Suet is a food that is particularly useful to certain birds during winter because of its high energy content. Suet specifically refers to the fat located around beef kidneys and loins. This fat has the best consistency for attracting birds. It is not a good idea to use suet during the summer or any time that outdoor temperatures are warm enough to turn it rancid.
Many people enjoy making special "suet cakes" by melting down beef fat and adding mixtures of peanut butter, honey, corn syrup, corn meal, or various seeds and grains. Suet cakes are best suited to elevated plastic or metal baskets or within hanging cheesecloth or mesh bags. In locations where freezing temperatures are the rule, it is recommended that metal baskets have a protective plastic coating. Bare metal may be dangerous to a bird's feet, tongue, or eyes in such weather.
Fruit is appealing to some bird species, particularly those which eat insects during the spring and summer months. Mockingbirds are partial to grapes and raisins. Orioles may come to sliced oranges nailed to branches or wooden posts. Apples set out on the ground or on a low-lying platform feeder are likely to attract robins. Squirrels will also be attracted to this offering.
Sometimes birds will wait until the fruit softens before partaking of it, so don't be too impatient with this offering.
A food category which is highly specific to hummingbirds is sugar water. Orioles and a few other species may sample this mixture as well. The best solution is 80 percent water to 20 percent sugar, or a ratio of four to one. Boil the water before mixing the solution and then wash the dispenser with hot water every three days to discourage potentially harmful molds and prevent fermentation. Honey is not recommended for mixing with water; it is a likely medium for the growth of a fungus that can infect the tongues of hummingbirds.
Several types of hummingbird feeders, glass and plastic, are available on the market. A perch at the feeder will encourage hummingbirds to remain there for longer periods of time as well as make the feeder more accessible to other birds.
To increase your chances for success with hummingbirds, be sure to place the feeder near brightly-colored flowers, particularly those kinds that are fed upon by hummingbirds. It is always desirable to provide a natural food source along with an artificial one.
There are a number of ways to provide water. It can be as simple an inexpensive as water in an inverted trash can lid or as elaborate as a small pond. Probably the most common, however, is the commercial "birdbath." Some features to look for in a birdbath are gently sloping sides with an average basin depth of no more than 1 1/2 inches. A rough cement or other coarsely textured finish suits birds' needs best. In winter, there is a problem with keeping the water from freezing. The most convenient way is to use an immersion water heater designed specifically for outdoor use. Several varieties are available in garden centers and hardware stores. Some are meant for water deeper than that usually found in birdbaths and are more appropriate for pools and tubs in the garden, but there are some designed to operate at the birdbath depth of one to three inches. Either type should have an automatic thermostat that shuts off the heating element when the water reaches about 40 degrees Fahrenheit.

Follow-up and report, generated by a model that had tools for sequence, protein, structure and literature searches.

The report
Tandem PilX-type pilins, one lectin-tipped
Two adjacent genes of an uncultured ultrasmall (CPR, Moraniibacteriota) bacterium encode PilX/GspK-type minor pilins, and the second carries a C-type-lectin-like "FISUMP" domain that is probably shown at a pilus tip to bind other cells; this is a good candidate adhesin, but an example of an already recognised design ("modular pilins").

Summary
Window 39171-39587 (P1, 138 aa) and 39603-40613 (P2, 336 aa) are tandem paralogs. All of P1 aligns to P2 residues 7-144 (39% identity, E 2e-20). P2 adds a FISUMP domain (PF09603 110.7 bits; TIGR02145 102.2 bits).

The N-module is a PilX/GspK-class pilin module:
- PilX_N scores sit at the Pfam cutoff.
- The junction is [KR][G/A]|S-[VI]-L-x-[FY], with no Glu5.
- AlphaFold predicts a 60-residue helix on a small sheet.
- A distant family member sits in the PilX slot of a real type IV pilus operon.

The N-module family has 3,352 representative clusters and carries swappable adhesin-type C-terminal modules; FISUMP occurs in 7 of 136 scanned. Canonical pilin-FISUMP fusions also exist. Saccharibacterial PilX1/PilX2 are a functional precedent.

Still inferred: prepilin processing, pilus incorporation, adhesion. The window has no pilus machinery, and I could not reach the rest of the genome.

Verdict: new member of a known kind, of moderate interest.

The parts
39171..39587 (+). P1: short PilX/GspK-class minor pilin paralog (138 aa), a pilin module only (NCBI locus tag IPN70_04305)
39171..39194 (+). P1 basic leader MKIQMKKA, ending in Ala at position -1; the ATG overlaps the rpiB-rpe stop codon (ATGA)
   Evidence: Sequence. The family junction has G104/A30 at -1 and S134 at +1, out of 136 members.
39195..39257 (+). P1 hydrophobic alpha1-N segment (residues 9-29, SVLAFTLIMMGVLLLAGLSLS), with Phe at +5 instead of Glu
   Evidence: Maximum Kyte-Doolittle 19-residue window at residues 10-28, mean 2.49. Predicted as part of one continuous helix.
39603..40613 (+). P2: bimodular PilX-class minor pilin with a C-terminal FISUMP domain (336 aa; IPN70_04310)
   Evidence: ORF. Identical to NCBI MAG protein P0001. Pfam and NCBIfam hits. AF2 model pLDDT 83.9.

Moving water attracts the attention of birds and seems to be highly alluring to them. One of the easiest ways to create moving water is to attach a garden hose to the trunk of a tree and suspend the nozzle directly over the birdbath or pool below. Just a few drips of water at a constant rate is needed. The same effect can be accomplished by hanging a bucket or large plastic bottle four or five feet over the pool with a nail-sized hole punched 1/2 inch from the bottom.
- Choose plants for your landscape plan that are of notable use to birds. These include plants that bear fruit, seeds, nuts, or other foods; plant shrubbery which has the branchy growth ideal for nesting sites or escape cover. Try to achieve a combination of plants which will meet bird needs on a year-round basis.